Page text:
To do this, we have set ourselves three investment priorities. First, we need to make sure that the most advanced clean technologies are adopted everywhere. Despite good progress in deploying renewable energy, 40% of the world’s electricity is still produced by coal, the dirtiest energy source. With economic development comes an increased demand for electricity, and therefore a responsibility to adopt green technological solutions and to connect the world to clean grids.

Europe is ready to invest in everything from green electrification programs in Africa and industrial decarbonization projects in Asia to the deployment of batteries in Latin America. And we have climate adaptation expertise to share, along with flood control technologies, advanced weather forecasting tools, and resilient infrastructure. With both the financial means and the knowledge to support efforts to adapt to climate change, the EIB will use its resources to leverage more private sector investment in this critical area.

Technicians check the status of solar photovoltaic (PV) panels at a photovoltaic station in Wuyi County, north China’s Hebei Province, March 30, 2019. / Xinhua

Technicians check the status of solar photovoltaic (PV) panels at a photovoltaic station in Wuyi County, north China’s Hebei Province, March 30, 2019. / Xinhua

Our second priority is to invest in revolutionary green technologies like never before. Such research and development is both necessary and represents a huge market opportunity. Already, a group of countries representing half of global GHG emissions have adopted “net-zero” targets, and more will surely follow. They will all need European technology and investment to achieve this. Clean hydrogen, offshore renewables and energy storage solutions can all become dynamic EU export sectors.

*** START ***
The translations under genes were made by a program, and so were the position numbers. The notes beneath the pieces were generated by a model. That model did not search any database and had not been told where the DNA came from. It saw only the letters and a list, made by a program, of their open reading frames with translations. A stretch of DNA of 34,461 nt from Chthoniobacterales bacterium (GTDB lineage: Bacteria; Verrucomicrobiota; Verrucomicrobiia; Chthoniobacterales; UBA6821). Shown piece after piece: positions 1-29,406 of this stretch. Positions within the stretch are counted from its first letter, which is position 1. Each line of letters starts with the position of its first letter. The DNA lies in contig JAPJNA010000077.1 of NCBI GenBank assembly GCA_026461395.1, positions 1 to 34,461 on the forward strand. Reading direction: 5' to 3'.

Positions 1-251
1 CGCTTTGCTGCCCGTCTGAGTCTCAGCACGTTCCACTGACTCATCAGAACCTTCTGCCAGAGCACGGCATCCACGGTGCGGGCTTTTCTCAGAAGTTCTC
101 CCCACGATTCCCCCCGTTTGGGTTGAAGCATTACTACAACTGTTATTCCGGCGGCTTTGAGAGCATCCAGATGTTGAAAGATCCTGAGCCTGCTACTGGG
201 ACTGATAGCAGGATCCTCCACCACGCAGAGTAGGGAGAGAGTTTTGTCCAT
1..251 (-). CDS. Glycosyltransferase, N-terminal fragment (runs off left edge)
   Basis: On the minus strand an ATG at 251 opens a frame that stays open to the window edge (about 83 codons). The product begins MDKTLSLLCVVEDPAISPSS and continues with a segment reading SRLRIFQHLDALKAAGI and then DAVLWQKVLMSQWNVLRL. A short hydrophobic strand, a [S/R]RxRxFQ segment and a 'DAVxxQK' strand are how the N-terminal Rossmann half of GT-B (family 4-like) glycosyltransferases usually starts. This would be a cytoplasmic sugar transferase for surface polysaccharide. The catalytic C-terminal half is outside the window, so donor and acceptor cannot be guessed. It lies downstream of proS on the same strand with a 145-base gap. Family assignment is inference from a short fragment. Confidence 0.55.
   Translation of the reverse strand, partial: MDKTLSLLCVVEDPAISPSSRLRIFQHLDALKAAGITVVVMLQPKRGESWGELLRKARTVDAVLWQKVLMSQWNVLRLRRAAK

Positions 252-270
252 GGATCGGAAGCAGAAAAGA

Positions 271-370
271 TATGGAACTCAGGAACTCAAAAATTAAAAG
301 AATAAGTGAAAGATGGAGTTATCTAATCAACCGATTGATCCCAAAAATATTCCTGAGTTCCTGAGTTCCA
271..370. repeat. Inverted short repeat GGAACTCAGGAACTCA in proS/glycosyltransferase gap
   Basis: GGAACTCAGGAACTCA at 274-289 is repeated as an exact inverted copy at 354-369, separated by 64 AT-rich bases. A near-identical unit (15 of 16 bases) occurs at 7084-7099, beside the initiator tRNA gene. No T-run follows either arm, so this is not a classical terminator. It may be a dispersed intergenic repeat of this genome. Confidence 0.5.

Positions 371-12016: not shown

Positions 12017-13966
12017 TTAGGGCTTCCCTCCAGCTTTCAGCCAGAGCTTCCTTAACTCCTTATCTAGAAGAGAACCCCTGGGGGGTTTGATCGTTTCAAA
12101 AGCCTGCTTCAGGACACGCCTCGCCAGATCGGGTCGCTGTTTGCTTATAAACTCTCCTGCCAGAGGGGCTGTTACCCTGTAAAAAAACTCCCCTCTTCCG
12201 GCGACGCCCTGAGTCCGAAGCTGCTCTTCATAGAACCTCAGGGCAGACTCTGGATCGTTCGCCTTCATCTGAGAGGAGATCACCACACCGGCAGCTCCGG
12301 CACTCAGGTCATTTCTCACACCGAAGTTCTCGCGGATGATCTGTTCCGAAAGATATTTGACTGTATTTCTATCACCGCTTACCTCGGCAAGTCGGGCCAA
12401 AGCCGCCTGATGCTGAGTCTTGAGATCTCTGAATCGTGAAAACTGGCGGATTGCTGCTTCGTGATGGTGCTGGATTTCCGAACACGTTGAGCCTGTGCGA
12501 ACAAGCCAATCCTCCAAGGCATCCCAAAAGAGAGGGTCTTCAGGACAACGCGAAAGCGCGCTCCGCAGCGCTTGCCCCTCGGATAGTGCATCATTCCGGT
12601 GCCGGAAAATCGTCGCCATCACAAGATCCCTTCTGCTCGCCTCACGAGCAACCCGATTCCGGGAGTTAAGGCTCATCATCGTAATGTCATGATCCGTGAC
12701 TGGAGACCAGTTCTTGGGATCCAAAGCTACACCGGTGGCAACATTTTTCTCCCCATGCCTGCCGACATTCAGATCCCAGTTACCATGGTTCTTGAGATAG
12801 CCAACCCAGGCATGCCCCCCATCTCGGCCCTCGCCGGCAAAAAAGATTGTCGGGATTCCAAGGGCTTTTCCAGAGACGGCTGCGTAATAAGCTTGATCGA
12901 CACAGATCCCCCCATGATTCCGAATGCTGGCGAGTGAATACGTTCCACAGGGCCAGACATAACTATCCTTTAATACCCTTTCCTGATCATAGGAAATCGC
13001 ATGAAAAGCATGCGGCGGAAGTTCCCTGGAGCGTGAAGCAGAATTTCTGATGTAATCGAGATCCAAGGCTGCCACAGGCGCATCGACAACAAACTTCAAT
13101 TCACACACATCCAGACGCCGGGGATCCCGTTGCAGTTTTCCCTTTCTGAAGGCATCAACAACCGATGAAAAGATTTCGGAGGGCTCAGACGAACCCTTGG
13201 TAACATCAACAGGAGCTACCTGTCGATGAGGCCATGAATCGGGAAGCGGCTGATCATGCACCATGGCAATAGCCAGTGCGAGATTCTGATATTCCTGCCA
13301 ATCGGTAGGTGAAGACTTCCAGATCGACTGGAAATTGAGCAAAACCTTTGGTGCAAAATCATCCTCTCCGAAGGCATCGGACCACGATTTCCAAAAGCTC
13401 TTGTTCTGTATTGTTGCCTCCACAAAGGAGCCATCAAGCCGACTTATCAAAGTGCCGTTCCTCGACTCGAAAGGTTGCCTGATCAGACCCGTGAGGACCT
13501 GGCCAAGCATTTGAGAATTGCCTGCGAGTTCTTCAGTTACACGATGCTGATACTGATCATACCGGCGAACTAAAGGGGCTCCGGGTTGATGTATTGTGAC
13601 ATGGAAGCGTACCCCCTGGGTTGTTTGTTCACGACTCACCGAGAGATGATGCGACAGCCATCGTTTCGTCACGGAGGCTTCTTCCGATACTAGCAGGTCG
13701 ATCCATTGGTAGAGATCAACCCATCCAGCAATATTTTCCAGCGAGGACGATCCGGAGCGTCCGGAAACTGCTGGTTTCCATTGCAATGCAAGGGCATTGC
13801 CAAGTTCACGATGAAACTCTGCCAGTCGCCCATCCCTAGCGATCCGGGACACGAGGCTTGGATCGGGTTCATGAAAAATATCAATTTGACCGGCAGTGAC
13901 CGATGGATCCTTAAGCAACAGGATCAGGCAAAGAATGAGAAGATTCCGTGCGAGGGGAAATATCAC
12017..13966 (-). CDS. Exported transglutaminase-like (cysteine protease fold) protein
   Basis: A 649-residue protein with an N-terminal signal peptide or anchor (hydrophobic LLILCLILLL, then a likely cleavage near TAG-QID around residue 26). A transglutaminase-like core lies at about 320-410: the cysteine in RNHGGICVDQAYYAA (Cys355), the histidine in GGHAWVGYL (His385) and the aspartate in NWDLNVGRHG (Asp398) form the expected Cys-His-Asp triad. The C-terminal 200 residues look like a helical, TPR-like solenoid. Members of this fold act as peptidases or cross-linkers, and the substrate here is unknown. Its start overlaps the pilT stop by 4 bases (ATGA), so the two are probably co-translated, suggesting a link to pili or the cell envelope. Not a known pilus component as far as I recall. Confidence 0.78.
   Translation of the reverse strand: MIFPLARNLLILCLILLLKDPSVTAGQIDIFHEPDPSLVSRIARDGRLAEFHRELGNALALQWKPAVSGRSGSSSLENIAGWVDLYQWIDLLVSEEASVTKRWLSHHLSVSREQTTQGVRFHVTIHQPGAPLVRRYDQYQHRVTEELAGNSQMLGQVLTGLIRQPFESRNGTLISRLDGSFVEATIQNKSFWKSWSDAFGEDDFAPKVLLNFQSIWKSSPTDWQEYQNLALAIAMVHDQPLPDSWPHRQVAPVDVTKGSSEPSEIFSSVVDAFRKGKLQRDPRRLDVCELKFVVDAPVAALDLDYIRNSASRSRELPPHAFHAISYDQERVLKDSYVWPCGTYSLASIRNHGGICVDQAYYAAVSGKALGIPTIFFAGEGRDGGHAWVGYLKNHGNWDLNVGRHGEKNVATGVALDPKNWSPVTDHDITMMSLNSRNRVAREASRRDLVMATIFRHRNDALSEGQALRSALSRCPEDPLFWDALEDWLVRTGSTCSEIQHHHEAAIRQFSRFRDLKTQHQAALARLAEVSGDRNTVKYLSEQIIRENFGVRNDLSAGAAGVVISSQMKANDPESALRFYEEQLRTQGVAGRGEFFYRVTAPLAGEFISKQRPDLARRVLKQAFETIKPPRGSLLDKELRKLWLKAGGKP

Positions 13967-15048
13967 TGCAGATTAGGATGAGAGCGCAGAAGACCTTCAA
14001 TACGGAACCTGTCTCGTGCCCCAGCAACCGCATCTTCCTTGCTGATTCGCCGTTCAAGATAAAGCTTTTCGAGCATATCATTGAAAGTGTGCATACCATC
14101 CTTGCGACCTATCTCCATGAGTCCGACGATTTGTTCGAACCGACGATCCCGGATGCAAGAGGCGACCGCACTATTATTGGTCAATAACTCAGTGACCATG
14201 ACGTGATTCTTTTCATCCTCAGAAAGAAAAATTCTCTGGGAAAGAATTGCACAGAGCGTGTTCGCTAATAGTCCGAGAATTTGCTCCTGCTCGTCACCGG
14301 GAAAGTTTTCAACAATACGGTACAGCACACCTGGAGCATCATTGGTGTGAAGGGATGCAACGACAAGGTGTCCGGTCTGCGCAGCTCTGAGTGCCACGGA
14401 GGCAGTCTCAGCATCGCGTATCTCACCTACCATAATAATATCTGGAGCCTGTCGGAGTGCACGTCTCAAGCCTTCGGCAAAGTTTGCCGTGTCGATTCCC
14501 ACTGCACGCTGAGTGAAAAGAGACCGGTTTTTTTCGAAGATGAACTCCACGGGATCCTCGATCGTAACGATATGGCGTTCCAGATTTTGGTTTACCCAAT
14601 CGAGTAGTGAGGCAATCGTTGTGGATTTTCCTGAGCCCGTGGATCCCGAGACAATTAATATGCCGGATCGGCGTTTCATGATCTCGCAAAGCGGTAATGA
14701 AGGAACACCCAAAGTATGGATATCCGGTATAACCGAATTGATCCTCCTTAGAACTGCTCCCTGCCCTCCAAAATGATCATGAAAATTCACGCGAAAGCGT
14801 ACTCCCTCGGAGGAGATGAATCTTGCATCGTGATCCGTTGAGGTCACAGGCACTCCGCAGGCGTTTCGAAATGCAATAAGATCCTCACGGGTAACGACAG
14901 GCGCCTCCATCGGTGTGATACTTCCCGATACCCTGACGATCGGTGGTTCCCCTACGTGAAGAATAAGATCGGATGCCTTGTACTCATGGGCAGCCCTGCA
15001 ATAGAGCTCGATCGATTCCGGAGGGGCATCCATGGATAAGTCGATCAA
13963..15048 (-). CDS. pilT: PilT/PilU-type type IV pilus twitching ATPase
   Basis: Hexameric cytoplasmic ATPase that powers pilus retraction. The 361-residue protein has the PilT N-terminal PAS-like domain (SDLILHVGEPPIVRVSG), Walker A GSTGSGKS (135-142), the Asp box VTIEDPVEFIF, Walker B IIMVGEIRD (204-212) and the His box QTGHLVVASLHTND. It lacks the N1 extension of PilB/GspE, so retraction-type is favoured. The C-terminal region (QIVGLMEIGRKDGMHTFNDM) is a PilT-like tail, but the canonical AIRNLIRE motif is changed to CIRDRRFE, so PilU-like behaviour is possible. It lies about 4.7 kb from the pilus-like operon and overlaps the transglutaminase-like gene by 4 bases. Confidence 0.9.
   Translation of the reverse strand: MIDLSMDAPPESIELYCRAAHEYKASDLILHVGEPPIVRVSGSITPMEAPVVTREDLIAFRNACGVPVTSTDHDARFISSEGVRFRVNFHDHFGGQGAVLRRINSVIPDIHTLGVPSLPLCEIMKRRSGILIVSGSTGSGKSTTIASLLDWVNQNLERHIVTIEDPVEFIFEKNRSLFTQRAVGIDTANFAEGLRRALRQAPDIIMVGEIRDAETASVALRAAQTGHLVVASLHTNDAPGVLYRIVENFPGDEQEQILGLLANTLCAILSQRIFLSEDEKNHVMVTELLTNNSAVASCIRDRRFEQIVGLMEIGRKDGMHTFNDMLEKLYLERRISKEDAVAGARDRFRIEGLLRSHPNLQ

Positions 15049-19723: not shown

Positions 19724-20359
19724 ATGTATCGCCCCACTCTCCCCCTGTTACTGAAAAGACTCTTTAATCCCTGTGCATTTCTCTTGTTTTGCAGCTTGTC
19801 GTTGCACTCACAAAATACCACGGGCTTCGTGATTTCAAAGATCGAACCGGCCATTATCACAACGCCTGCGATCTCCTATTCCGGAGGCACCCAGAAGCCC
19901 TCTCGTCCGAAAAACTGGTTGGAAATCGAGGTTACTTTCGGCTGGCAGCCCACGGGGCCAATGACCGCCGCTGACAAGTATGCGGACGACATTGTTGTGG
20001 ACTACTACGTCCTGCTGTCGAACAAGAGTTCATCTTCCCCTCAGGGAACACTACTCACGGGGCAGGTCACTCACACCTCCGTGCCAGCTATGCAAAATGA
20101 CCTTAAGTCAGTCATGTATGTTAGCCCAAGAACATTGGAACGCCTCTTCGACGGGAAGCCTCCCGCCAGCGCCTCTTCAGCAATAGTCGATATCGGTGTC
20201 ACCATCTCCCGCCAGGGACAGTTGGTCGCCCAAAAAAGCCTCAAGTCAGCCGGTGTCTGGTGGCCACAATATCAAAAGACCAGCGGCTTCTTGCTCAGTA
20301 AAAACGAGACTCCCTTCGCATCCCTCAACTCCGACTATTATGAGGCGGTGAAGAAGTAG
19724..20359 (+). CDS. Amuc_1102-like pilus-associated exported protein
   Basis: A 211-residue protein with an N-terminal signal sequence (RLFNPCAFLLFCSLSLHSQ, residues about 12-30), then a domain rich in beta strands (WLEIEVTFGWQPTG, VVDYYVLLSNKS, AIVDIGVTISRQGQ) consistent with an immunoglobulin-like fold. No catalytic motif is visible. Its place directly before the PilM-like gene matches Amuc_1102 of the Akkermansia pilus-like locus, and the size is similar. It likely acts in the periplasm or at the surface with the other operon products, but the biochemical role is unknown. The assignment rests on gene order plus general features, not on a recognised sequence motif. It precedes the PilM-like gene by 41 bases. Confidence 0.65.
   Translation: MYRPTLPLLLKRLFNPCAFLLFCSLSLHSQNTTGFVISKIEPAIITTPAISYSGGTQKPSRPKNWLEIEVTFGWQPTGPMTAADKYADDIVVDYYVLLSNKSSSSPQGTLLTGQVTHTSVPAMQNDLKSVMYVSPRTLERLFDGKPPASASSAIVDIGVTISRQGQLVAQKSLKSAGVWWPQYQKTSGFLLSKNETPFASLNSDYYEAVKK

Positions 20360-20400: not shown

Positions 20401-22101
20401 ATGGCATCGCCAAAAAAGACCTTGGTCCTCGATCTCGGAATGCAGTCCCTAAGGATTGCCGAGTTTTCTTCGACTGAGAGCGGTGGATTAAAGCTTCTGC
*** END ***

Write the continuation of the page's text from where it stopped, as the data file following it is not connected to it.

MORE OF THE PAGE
Finally, we need to embrace the idea of ​​a “circular economy”. As it is, we are taking more of our planet than it can afford to give us, and the effects of this overbreadth will become more and more dramatic and destructive with each passing year. We urgently need to reduce the environmental and carbon footprint of the goods we consume.

To do this, we need to invest in circular technologies that reuse resources, rather than constantly producing or importing new goods and extracting ever more raw materials. The circular economy has enormous potential not only to reduce our dependence on scarce resources, but also to create jobs. As Europe continues to show, the Green Deal is not just an environmental policy; it is an economic and geopolitical necessity.

Five years ago, 196 countries came together and signed the Paris Agreement, pledging to keep the average global temperature below 2 degrees Celsius – but preferably 1.5 degrees Celsius – from its pre-industrial level. To date, this commitment has not yet been matched with sufficient action. It is time to raise our ambitions and accelerate progress. This will be our message to the world at “Investing in Climate Action” on March 24.

We all need to come together – not just governments but also businesses, cities, financial institutions and civil society – to tackle the climate challenge. Europe has the tools, skills and knowledge to lead by example. We need to translate our climate policy leadership into market leadership to ensure a Global Green Deal.

Let’s get to work.

Copyright: Project union, 2021.